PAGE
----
Password Managers can be Considered a Huge Weak Point

Password managers can be considered a huge weak point. Once a hacker is already in the system, via something as basic as Metasploit, they now pretty much have access to that "password manager".

Stop and think about it... 

Chrome, Firefox, Internet Explorer, Microsoft Edge, and many previous Internet Browsers of the past, has already offered a way save passwords. Even many Browsers that offer browser extensions for these so-called managers, may even have a list stored internally (locally), besides externally (remotely on the company's servers where your account of the manager is held).

Therefore, one needs to merely copy/transfer or just browse through the hidden directories where the managers store certain files to have that list.

End users are the weakest link. This is without a doubt. Sending a file or link to gain privileged access to the device is much easier and quicker, not to mention safer (without providing red flags), than hacking/cracking email accounts via phishing/brute force. Not to mention trying to figure out which manager the victim is using.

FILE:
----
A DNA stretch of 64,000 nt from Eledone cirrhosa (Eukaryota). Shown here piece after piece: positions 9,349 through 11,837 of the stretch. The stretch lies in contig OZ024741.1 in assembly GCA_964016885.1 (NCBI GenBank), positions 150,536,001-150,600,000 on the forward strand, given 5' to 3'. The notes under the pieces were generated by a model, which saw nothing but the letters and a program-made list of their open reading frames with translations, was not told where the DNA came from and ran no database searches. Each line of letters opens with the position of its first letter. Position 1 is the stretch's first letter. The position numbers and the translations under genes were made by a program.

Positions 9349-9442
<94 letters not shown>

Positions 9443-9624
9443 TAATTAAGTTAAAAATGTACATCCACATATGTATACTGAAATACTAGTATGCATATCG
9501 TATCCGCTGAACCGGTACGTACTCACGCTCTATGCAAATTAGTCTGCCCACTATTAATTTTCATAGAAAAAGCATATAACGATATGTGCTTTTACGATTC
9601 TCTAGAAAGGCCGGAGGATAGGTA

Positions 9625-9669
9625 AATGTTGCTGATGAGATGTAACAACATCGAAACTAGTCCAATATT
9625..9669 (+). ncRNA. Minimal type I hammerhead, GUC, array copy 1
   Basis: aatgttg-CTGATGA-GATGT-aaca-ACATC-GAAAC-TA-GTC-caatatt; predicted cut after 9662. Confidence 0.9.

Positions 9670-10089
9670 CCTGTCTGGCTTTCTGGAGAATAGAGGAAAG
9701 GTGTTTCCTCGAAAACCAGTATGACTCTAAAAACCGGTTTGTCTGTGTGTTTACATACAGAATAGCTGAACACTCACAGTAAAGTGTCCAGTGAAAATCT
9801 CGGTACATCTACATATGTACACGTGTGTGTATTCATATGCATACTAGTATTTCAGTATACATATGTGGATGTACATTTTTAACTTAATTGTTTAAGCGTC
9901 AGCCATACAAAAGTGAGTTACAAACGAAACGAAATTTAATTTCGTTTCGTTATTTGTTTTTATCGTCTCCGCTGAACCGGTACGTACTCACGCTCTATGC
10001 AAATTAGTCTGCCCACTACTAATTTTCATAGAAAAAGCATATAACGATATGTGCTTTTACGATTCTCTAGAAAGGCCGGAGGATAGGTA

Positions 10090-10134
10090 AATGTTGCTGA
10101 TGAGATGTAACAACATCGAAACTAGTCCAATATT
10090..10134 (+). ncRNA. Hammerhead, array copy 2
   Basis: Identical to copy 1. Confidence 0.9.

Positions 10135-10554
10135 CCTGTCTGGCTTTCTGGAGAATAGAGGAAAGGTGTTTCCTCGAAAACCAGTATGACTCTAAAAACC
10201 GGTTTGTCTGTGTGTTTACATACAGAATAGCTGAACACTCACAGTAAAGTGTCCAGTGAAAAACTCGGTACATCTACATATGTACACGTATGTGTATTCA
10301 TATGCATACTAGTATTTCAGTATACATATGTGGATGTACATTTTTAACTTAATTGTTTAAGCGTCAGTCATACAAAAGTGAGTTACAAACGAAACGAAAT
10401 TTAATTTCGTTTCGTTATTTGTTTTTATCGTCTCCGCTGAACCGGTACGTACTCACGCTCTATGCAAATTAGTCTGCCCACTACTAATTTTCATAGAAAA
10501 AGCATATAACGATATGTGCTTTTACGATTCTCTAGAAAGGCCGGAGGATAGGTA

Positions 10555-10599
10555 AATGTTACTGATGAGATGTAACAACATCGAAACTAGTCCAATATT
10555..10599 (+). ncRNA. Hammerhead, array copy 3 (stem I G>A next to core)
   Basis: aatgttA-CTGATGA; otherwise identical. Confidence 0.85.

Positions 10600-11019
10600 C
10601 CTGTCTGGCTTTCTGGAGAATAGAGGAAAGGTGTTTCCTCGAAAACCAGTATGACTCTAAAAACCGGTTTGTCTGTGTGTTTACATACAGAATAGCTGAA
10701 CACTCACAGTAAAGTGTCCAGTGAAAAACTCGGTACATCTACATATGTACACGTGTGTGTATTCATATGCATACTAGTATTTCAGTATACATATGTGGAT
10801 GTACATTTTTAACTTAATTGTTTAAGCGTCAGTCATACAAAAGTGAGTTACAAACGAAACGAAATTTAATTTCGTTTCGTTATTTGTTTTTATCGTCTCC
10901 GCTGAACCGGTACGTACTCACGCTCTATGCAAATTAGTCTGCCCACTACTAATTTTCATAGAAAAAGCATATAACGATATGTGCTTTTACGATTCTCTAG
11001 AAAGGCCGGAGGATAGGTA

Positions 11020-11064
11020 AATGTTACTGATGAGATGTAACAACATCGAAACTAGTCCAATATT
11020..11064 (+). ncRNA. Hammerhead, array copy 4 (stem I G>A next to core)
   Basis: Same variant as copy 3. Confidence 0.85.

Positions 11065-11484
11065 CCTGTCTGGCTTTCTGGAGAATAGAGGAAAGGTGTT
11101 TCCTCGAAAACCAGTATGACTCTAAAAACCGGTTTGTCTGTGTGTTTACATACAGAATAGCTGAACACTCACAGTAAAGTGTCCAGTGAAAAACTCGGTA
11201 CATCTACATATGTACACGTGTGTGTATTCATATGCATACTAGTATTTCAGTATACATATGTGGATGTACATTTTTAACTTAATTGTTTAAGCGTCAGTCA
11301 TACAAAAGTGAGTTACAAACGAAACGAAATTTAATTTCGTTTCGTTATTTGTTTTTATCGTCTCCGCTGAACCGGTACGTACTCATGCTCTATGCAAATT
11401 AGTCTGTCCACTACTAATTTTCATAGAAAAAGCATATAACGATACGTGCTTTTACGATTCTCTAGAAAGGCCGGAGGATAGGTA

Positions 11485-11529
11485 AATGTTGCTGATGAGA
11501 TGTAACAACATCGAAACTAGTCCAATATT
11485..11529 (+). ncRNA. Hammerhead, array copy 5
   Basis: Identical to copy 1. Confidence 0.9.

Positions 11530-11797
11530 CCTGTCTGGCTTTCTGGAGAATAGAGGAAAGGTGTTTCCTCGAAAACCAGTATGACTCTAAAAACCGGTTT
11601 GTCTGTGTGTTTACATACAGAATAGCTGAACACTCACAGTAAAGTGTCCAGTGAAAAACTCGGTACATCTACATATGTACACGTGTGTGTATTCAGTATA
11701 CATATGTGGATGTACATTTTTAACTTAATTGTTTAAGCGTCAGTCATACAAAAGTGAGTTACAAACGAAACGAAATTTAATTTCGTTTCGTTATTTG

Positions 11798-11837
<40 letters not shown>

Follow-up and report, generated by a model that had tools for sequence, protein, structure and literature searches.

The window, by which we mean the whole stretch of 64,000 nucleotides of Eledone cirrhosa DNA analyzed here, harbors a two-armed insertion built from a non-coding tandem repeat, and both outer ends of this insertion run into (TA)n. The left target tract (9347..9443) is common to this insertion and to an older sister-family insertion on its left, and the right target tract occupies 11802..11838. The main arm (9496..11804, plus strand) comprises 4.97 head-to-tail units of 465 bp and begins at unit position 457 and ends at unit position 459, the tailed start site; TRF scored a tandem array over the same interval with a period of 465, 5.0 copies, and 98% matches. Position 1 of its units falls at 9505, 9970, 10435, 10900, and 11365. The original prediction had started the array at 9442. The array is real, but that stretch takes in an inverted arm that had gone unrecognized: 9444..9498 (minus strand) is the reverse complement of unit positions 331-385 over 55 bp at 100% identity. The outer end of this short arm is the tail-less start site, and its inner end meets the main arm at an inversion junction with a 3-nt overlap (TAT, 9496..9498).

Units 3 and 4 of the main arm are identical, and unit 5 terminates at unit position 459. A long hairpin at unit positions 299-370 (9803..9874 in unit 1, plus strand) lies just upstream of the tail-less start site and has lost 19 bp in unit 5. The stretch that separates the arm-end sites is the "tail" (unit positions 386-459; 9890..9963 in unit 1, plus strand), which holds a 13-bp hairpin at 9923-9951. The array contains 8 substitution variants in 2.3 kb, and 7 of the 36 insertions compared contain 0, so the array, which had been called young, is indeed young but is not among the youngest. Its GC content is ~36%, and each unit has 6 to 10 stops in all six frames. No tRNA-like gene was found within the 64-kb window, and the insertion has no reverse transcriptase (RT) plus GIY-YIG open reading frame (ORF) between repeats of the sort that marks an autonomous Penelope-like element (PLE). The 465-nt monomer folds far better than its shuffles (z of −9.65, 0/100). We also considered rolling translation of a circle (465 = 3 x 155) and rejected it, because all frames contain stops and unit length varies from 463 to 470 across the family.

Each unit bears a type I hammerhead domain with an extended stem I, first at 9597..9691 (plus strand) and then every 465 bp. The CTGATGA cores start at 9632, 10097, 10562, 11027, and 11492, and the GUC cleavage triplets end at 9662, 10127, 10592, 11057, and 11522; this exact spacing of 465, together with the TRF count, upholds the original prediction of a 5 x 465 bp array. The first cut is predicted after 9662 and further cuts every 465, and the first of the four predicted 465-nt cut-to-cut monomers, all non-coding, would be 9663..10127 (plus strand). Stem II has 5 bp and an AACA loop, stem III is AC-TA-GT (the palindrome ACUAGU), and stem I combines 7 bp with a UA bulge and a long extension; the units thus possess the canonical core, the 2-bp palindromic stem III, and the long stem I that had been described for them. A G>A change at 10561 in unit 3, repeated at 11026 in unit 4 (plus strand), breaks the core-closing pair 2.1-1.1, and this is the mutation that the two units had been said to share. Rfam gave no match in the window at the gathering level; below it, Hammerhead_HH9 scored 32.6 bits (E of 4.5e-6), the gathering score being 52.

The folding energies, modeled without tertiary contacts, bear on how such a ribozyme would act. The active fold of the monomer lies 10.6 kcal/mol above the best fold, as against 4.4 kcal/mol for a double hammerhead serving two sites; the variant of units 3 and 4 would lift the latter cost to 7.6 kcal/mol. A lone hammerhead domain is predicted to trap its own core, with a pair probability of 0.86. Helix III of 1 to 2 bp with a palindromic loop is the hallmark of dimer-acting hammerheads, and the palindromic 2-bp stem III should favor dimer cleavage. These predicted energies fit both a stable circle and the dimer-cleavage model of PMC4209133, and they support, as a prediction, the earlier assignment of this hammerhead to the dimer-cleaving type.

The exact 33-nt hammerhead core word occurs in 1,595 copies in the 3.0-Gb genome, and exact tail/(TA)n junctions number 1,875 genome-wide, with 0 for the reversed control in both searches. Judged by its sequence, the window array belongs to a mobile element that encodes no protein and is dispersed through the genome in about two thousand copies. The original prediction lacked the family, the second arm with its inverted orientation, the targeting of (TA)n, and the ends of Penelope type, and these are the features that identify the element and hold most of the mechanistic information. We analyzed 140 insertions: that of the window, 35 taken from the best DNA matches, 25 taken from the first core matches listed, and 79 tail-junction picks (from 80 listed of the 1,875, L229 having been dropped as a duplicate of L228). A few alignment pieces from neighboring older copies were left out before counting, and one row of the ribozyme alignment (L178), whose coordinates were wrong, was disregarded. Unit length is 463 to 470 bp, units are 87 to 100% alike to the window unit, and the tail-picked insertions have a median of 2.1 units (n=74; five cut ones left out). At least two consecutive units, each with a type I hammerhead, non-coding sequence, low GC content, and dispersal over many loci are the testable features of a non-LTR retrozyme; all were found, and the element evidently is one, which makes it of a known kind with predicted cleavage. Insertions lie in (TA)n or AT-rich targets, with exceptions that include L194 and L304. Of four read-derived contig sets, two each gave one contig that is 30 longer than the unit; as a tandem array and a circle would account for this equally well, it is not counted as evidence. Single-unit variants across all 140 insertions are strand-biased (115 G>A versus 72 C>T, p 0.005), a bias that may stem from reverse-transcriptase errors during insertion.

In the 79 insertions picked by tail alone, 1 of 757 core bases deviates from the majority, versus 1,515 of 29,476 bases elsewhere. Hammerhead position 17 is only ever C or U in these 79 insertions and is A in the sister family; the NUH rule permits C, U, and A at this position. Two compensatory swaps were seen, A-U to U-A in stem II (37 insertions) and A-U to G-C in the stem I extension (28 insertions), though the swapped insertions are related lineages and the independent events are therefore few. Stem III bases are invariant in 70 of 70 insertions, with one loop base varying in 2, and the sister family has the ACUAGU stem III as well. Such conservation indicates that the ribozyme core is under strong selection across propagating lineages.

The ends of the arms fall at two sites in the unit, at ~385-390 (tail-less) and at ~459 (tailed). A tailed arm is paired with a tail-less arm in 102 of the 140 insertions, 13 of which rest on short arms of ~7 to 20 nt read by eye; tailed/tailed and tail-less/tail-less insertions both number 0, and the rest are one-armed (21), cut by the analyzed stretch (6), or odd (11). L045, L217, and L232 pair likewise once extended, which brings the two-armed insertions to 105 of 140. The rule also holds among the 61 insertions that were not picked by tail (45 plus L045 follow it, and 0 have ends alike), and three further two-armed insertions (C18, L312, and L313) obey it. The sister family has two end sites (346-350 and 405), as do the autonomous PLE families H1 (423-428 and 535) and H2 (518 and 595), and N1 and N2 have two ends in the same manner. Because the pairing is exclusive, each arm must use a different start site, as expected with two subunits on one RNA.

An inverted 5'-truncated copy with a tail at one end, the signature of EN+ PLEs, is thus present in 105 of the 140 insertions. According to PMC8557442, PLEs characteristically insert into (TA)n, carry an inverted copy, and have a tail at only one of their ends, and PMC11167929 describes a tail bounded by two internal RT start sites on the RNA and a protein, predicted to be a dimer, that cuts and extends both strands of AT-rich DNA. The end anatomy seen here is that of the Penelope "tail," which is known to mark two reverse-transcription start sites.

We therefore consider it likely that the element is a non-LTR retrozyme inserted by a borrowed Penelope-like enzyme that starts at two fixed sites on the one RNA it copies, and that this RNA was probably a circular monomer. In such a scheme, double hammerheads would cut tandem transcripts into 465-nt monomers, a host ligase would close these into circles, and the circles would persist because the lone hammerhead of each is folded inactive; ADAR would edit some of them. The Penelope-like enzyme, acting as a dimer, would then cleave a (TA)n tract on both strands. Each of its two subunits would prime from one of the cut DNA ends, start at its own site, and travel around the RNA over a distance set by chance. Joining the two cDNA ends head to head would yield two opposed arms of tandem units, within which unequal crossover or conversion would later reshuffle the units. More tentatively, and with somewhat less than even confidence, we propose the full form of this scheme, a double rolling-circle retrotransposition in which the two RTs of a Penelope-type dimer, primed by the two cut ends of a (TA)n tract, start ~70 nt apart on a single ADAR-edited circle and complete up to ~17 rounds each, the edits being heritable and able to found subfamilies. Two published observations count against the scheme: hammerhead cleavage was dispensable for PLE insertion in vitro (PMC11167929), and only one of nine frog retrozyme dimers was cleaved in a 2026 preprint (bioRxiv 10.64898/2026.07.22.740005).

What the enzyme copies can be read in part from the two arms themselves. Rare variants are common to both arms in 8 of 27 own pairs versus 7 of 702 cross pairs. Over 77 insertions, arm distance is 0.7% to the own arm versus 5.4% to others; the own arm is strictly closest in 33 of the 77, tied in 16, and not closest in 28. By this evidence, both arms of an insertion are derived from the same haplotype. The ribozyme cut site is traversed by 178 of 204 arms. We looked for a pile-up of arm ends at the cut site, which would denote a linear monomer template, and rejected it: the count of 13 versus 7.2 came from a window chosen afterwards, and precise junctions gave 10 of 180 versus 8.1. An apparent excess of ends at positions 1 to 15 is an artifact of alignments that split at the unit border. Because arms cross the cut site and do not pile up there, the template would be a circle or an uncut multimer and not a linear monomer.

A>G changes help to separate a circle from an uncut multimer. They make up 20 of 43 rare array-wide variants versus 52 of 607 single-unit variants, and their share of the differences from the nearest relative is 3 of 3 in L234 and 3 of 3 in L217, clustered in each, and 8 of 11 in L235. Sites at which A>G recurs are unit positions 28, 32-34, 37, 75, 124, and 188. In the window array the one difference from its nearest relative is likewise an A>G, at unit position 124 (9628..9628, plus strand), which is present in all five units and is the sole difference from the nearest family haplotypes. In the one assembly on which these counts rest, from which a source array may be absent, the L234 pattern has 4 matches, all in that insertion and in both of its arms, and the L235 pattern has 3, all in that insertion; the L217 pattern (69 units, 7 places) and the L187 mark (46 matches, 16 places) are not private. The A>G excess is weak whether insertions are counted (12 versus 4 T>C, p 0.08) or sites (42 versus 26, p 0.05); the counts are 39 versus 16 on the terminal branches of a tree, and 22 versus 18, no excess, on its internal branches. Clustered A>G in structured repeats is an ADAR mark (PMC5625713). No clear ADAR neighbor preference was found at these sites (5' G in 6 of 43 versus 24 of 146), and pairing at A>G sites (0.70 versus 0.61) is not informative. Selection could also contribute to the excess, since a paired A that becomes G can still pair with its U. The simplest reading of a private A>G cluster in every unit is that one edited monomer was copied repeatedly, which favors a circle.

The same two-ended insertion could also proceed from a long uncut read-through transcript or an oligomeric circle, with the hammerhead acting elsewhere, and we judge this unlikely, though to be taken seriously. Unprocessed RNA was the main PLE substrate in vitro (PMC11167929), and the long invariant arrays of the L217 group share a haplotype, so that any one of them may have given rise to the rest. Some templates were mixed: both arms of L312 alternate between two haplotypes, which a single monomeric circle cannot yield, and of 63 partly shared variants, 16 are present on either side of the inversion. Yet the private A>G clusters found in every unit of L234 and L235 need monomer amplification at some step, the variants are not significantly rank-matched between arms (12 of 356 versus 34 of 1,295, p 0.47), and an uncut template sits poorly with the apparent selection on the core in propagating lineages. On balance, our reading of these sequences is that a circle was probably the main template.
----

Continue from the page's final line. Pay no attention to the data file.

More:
End result:

Giving all your passwords to a corporate entity is not only a major risk on your personal end but also an even bigger risk on the entity you just gave those passwords to. If and when the next major breach happens against that entity, there will be guaranteed an even bigger list stolen containing so many millions of users' accounts registered, along with their password lists saved. More than likely, they will also have the password you used to create that account for that manager as well. This is also of course if that particular password wasn't a reusable password that you have used or even saved within your list. 

Unfortunately, end-users often keep less than a handful of passwords for different environments anyway. Let alone, those who just use one or two different passwords. 

Those users who use merely a few passwords throughout their accounts, are even at a greater risk than most, considering many use the same password to sign up for an email account, social media, and even banking services.

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